The Johanna Mestorf Academy provides data from several archaeology related projects. JMA supports open access/open data and open formats. The JMA promotes research and education pertaining to the field of ‘Societal, Environmental, Cultural Change’ (Kiel SECC), which is one of the four research foci of CAU.
IDSC is IZA's organizational unit whose purpose is to serve the scientific and infrastructural computing needs of IZA and its affiliated communities. IDSC is dedicated to supporting all users of data from the novice researcher to the experienced data analyst. IDSC aims at becoming the place for economically minded technologists and technologically savvy economists looking for data support, data access support and data services about labor economics. IDSC is actively involved in organizing events (see our next Red Cube Seminar Talk) for data professionals, data analysts, and scientific data users and young researchers to discuss and share findings and to establish contacts for future cooperation.
The Research Data Centre (FDZ-RV) was set-up in 2004 as an integral part of the German Federal Pension Insurance (Deutsche Rentenversicherung). Since then, the Research Data Centre produced several cross-sectional and longitudinal datasets, also called Scientific Use Files (SUF), available to researchers interested in issues of retirement, disability and rehabilitation. The datasets are released on an annual basis. The Scientific Use Files are subsamples drawn from the pool of individuals who are insured in the Federal Pension Insurance. The information provided in the original datasets is necessary to administer the beneficiaries of the pension insurance.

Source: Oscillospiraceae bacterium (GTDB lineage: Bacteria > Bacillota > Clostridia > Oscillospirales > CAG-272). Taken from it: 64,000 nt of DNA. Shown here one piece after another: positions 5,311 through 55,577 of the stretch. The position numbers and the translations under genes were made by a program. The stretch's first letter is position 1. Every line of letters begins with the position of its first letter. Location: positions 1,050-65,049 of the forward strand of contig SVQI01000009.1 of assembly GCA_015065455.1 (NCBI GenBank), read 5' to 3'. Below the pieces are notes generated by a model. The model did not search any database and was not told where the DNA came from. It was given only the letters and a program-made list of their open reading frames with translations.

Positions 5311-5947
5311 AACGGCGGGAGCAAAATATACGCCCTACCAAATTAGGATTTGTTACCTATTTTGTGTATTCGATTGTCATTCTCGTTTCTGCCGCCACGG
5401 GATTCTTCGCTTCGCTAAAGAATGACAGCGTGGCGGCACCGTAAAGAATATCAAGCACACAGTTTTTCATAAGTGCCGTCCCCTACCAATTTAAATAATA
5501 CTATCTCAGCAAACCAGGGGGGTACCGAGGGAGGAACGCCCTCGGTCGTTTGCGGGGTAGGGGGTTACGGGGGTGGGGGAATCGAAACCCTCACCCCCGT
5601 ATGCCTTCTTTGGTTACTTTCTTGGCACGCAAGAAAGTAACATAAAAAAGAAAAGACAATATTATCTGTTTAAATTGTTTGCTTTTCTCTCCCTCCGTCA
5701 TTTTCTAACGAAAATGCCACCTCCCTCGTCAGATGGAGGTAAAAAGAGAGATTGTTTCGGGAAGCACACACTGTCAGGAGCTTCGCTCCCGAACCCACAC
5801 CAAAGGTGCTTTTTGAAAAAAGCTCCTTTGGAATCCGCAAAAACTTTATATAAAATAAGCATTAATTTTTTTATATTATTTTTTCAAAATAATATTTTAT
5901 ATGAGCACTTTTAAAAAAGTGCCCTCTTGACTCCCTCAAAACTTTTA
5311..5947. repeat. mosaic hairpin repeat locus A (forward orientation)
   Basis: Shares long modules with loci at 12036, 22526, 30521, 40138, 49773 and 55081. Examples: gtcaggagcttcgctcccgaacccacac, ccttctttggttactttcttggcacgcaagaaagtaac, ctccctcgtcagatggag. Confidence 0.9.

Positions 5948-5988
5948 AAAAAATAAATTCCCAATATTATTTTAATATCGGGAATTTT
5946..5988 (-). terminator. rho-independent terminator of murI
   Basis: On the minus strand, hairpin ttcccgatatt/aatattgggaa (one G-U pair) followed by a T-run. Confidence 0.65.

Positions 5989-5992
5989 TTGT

The Research Data Centre (FDZ) of the German Federal Employment Agency (BA) at the Institute for Employment Research (IAB) is intended mainly to facilitate access to BA and IAB micro data for non-commercial empirical research using standardised and transparent access rules. The FDZ mediates between data producers and external users. We also control for compliance with data protection regulations.
The Research Data Center Elections is part of GESIS and provides access to a number of national survey datasets. The RDC performs the main tasks: Data collection, Consultation and creation of value-added services like data handbooks, Knowledge transfer, e.g. organisation of workshops and Scientific research.
Goal of the psychology data archive PsychData is the documentation and long-term archiving of research data from all areas of psychology and the social sciences, using specially created metadata and to provide use of the data for scientific purposes such as secondary analysis and reanalysis. Psychdata contains all areas of psychology, in particular data sets from clinical, developmental, educational, gero-, and work and organizational psychology stemming from longitudinal studies, major surveys, and test development.